WHY CHAPTER 7?

The whole purpose of a Chapter 7 bankruptcy is to help honest people, who through circumstances outside of their control, got in debt.

Most clients who file Chapter 7 have minimal property and they have to be under the median income or beat the means test to qualify.

In New Jersey the median income is $68,349 for a family of one, $82,283 for a family of 2, $103,634 for a family of 3 and $125,465 for a family of 4 and  $9000 for each additional person in excess of a family of 4.   However, even if you are above the median income, you may qualify if you can beat the means test with all the deductions available.

The great majority of our clients who file Chapter 7 do not lose any property since all the property they own is exempt or protected.

One of the regular questions I receive is “will I lose my home if I file Chapter 7?”  The answer depends on the equity in your home.

If you are current on your mortgage payment and your home is worth $150,000 and you owe $120,000, you will be able to keep your real estate that you live in since under the law, you are now allowed an exemption of $25,150.

The analysis is as follows:  $150,000 – $15,000 (10% of cost of sale) – $120,000 = $15,000 equity that would be fully exempt.

However, Congress only provides so many exemptions for real estate, clothing, household goods, motor vehicles and many other property you own.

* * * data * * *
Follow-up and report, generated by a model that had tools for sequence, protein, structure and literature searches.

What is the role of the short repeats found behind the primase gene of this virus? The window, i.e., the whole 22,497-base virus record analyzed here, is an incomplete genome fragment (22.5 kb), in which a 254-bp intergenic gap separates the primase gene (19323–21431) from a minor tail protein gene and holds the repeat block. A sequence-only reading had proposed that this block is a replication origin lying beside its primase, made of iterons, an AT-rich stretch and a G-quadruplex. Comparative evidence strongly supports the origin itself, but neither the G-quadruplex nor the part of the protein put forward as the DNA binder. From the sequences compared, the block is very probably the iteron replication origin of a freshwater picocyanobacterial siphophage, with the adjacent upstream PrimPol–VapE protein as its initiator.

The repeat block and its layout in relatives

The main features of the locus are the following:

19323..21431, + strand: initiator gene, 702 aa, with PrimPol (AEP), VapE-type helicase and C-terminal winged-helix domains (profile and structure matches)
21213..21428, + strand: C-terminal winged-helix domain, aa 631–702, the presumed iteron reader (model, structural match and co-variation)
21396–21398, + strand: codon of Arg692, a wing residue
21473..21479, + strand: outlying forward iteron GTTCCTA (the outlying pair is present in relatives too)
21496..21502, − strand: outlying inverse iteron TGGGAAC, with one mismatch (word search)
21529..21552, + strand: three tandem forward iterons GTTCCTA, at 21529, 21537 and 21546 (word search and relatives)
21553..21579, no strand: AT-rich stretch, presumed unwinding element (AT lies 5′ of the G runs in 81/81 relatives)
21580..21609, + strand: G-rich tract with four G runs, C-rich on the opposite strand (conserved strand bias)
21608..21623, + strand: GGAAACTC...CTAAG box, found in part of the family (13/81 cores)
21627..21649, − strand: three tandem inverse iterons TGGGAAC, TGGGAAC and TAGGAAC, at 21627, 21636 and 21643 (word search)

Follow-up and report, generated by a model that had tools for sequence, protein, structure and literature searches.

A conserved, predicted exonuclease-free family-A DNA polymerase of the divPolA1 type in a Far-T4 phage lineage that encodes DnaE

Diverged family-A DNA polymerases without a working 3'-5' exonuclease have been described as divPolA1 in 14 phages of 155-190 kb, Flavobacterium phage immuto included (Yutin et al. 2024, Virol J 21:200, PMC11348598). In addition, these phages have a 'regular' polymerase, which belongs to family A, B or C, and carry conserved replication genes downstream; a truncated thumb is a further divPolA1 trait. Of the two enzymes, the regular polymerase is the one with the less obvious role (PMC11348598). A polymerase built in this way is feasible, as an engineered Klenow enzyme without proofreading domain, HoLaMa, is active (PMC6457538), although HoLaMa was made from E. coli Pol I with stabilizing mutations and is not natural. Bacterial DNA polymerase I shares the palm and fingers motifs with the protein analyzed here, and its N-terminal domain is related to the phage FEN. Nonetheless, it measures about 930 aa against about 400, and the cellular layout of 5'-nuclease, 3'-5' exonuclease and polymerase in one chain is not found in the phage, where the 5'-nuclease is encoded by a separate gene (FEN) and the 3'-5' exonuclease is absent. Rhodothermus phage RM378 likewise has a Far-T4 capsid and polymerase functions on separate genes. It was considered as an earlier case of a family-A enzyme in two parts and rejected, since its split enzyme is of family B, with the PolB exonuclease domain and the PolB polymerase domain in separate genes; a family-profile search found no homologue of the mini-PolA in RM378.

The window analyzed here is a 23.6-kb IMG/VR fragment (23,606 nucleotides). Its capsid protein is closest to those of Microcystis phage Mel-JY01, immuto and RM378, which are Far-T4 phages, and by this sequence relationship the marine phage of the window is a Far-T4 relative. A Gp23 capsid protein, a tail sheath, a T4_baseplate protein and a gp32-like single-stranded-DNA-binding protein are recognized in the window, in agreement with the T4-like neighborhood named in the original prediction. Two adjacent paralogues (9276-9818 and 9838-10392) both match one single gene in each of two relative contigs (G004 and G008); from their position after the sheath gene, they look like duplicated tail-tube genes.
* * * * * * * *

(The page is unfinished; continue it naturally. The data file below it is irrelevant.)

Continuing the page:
Thus, if you have too much property, it will not be exempt and a Chapter 7 trustee will sell non-exempt property  to pay a portion to creditors.  Thus, you have to be very careful before you file Chapter 7 since if you have too much property, a trustee can sell your property.

Thus, besides being under the median income and not having too much property, you want to make sure that you not only qualify for Chapter 7 bankruptcy but all your property would be exempt or protected.

Steven N. Taieb, Esq. has been a South Jersey Bankruptcy Attorney for over 34 years and is board certified in consumer bankruptcy law by The American Board of Certification which is accredited by The American Bar Association.